Endangered Species

Endangered Species


The Amur tiger is one of the rarest predators on the planet. It is considered the largest tiger in the world and the only large cat able to live in the cold weather and winter snow. According to Schneider (2012), the habitat of the tigers is located in the southeast areas of Russia. Today, about 90% of the total population of Amur tigers is concentrated in Russia (Schneider, 2012). Therefore, Russia is responsible for the preservation of the Amur tiger. The purpose of the paper is to examine the reasons of Amur tigers’ becoming endangered species and to present a possible solution.


One of the main reasons for the disappearance of Amur tigers was the destruction of natural habitats and subsequent decrease in the prey base. According to Stanturf, Madsen, and Lamb (2012), frequent forest fires also deprive Amur tigers of their habitats. These large predators need a rather extensive hunting territory: about 100 square kilometers per animal (Stanturf, Madsen, & Lamb, 2012). Research by Stanturf, Madsen, and Lamb (2012) also states that there is a significant reduction in the number of the red deer, wild boar, and roe deer, which constitute the Amur tiger’s prey base. It is one of the most significant negative factors affecting the size of the population of the tigers. Notably, the Amur tiger has no equal in terms of strength and power in the entire world’s fauna. The body length of the Siberian tiger reaches 3 meters with a tail while its height is around 100 cm in shoulders and weight, about 350 klograms (Park, 2016). Because of its large size, the Amur tiger needs much food. However, due to the destruction of its territories and the disappearance of many animals, there is not enough sustenance for the tigers.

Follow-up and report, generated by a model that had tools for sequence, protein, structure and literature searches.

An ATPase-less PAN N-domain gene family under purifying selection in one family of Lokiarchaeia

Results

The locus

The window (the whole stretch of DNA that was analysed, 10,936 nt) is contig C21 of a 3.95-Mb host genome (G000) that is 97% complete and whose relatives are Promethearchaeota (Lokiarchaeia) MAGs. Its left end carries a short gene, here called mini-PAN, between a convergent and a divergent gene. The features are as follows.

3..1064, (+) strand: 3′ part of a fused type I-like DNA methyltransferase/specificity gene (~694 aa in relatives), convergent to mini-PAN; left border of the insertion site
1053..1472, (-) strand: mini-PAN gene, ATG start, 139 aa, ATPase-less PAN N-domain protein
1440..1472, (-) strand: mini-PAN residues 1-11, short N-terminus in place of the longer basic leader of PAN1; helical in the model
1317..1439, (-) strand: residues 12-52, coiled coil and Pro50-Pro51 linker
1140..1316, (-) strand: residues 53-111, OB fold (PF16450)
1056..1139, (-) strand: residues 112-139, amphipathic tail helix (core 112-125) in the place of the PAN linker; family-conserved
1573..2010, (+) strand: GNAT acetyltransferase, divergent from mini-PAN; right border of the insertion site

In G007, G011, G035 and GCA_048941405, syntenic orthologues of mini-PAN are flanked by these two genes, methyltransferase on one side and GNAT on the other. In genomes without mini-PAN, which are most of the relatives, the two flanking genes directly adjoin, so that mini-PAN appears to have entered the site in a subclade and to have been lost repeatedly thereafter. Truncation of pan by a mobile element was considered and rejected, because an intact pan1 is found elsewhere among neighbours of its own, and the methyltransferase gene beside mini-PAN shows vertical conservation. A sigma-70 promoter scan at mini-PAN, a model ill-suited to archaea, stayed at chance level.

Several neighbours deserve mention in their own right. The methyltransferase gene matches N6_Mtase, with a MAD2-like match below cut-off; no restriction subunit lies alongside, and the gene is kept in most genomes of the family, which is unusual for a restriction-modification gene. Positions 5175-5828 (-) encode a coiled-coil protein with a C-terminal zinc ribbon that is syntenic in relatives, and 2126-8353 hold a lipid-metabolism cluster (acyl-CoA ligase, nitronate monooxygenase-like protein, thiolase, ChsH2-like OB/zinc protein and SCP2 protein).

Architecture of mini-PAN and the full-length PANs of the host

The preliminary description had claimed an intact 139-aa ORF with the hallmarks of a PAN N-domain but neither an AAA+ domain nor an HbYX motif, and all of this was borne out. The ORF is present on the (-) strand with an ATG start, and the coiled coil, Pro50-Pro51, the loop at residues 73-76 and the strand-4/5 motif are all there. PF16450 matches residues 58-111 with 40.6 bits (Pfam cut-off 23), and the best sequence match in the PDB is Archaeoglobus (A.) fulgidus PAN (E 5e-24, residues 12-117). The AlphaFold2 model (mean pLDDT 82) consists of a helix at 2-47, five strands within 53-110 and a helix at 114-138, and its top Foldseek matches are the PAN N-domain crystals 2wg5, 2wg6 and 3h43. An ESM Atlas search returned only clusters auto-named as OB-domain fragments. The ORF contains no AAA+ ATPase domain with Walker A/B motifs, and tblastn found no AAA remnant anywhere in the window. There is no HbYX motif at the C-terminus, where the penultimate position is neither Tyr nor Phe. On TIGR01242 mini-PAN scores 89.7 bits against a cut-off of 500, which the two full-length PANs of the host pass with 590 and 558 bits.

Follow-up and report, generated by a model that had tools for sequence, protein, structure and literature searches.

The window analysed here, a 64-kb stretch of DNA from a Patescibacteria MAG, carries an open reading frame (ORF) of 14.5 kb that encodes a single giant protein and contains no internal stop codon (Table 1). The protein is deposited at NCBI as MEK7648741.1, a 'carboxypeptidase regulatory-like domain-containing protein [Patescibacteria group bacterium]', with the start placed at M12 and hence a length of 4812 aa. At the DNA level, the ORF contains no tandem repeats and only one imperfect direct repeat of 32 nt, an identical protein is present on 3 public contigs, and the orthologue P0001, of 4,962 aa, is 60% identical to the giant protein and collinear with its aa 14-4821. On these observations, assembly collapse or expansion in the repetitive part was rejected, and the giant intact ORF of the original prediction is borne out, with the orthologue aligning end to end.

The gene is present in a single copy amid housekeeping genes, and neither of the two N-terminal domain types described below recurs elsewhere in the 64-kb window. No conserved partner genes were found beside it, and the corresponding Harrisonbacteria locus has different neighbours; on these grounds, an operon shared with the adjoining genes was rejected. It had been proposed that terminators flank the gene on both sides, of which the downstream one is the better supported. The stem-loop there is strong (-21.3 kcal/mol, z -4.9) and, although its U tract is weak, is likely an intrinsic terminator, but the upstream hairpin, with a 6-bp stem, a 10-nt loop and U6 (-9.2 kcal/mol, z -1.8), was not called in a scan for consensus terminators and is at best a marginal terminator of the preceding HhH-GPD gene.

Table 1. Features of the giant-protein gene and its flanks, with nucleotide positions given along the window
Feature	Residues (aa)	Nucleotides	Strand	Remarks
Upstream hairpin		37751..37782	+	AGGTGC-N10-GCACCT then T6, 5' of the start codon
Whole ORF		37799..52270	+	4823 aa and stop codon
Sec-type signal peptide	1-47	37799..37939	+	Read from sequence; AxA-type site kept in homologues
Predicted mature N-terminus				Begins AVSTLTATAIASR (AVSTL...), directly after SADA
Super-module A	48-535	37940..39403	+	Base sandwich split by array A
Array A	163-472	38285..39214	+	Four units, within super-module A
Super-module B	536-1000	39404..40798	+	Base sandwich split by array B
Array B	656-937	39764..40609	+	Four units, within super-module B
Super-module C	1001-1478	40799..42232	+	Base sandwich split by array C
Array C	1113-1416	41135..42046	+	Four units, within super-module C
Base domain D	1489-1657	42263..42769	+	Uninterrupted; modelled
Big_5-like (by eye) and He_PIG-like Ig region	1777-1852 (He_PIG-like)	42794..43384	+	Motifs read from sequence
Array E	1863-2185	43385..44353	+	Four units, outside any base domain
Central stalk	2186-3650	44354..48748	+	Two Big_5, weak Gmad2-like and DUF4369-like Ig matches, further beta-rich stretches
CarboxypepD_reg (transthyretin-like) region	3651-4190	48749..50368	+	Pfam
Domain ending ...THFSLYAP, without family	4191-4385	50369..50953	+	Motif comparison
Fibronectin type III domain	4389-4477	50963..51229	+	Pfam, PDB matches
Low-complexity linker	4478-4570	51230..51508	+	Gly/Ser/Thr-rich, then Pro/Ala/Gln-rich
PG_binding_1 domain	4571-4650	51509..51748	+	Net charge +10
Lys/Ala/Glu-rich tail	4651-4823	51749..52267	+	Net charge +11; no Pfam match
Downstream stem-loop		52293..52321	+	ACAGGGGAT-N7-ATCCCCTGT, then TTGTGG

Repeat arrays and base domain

Another important factor is poaching, which has always been the main threat to the existence of the big cats. The Siberian tiger’s bone and skin cost much money on China’s black market (Schneider, 2012). Since the Amur tiger is a large and exotically colored cat, tiger products are sold in most East Asian countries as a valuable medicinal raw material (Schneider, 2012). Thus, poachers frequently hunt these animals for profit.

Due to poaching and the destruction of natural habitats in the 1930s, the number of tigers was less than 50 individuals (Park, 2016). According to Park (2016), systematic actions for conservation of this species have achieved great results by the 1980s, and the number of animals has increased to 200. In the late 1980s, the demand for tiger’s bones increased dramatically, and well-organized poaching gangs greatly decreased the population of the tigers (Park, 2016). A program for the conservation of Amur tigers was renewed only in 1993, and their number increased to 430 in 1996 (Park, 2016). Nowadays, the number of the Amur tigers living in the wild is estimated to be about 550 individuals (Park, 2016). Many Amur tigers are also kept in zoos and private residences.

Conservation Strategy

The main objective of the strategy for conservation and restoration of Amur tigers’ populatioon lies in the mechanism of regulations. They would be aimed at protecting the biological parameters of the species from the negative effects of limiting factors and their variations and the stabilization of these parameters at the optimal level. At the basis of such mechanism, there should be the practical possibility of a full or partial blocking of the negative impact of limiting factors, including poaching and destruction of natural habitats. In A Goal-Oriented Approach to Forest Landscape Restoration, it is noted that “to maintain and increase the population of the Amur tiger, besides preserving enough total forest area, the forest structures that provide suitable habitat need to be promoted” (Stanturf, Madsen, & Lamb, 2012). Thus, there must be enough animals in forests to serve as food for the tigers as well as no external disturbances.


The Amur tiger is one of the biggest members of the cat family. It is also called the most northern tiger as it lives in the snow-covered areas. Massive felling and frequent forest fires lead to the destruction of the habitat of the Amur tiger, thus causing this animal to be an endangered species. Despite the fact that it is one of the largest land-based predators on the planet, it is a vulnerable animal. The situation was especially critical in the middle of the 20th century. However, due to the adopted measures, the population of Amur tigers has slightly increased. Nevertheless, people still should devote great effort to save the Amur tiger from extinction.

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